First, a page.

Millions of hopeful words have been written in thousands of publications pleading that Christ be put back into Christmas and deploring the failure of people to observe the spirit of good will all year.
Magazines and newspapers will give a great deal of space to similar articles again this year. This is to be commended, even though the articles have accomplished little. A comparatively few sympathetic readers will nod their heads approvingly and try to put the words into practice. Some will obtain a good feeling by gathering baskets of fruit and taking them to a poor section of town, but will be too busy to sit down and talk for 30 minutes about Christ. They will talk for an hour and a half, however, telling neighbors about the joy of helping others.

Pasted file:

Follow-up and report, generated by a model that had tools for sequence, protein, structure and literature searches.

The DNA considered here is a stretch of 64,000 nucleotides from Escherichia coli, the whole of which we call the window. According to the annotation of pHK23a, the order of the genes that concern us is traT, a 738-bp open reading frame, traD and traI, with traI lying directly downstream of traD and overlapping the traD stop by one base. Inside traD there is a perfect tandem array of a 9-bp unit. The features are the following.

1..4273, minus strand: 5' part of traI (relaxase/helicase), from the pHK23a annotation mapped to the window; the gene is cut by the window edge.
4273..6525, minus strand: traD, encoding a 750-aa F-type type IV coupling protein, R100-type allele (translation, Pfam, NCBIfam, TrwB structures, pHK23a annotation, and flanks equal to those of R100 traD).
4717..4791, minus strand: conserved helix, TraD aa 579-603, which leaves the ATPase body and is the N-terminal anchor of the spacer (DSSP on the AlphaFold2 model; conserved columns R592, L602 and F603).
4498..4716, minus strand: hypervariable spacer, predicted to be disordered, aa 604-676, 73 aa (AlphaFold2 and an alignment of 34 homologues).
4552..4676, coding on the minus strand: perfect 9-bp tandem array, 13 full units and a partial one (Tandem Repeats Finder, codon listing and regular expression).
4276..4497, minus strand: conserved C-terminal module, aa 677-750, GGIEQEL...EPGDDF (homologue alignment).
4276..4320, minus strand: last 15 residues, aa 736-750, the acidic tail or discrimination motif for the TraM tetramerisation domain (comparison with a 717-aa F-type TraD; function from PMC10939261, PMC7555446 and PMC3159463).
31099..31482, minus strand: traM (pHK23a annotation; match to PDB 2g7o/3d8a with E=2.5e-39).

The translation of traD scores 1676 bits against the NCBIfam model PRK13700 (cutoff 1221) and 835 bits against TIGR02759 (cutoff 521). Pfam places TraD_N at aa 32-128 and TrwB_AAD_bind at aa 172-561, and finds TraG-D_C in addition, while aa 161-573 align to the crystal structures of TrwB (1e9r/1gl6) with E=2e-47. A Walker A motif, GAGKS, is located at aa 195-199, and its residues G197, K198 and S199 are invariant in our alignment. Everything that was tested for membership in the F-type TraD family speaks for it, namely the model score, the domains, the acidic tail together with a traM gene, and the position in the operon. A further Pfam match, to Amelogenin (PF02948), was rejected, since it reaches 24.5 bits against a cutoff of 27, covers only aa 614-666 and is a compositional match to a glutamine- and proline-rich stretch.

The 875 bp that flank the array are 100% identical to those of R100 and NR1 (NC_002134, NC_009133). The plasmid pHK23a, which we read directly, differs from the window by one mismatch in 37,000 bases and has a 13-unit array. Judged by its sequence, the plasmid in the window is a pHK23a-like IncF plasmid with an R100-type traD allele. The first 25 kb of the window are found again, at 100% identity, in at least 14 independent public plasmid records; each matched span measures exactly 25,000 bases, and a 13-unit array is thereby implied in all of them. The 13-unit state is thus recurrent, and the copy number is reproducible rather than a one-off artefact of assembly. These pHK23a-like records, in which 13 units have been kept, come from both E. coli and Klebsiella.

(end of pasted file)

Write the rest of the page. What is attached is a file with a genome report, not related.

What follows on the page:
Cocktail parties, even in some highest government circles and attended by some devoted church officers, will begin brightly and end blearily. The boss will beam as he drapes what he hopes others will regard as a paternal arm around the secretary he has been secretly admiring. Neighborhood parties will mushroom. A friendly kiss under the mistletoe may culminate in an indiscretion of the bedroom. Good old John will fail to make a turn on the way home and his family will spend Christmas day in a funeral parlor.
Professional bums will have a field day, as scoffers who haven’t given a nickel all year to the church get their godly feeling by dropping a dollar into the cup.
Christians look at the messy scene and remark, “How awful!” They visit the church and view the manger scene. They sing a few carols. They utter pious phrases. But few take the trouble to examine their own lives in the light of what Christ would have them be.
Christians are the reason why Christ hasn’t been put back into ...1
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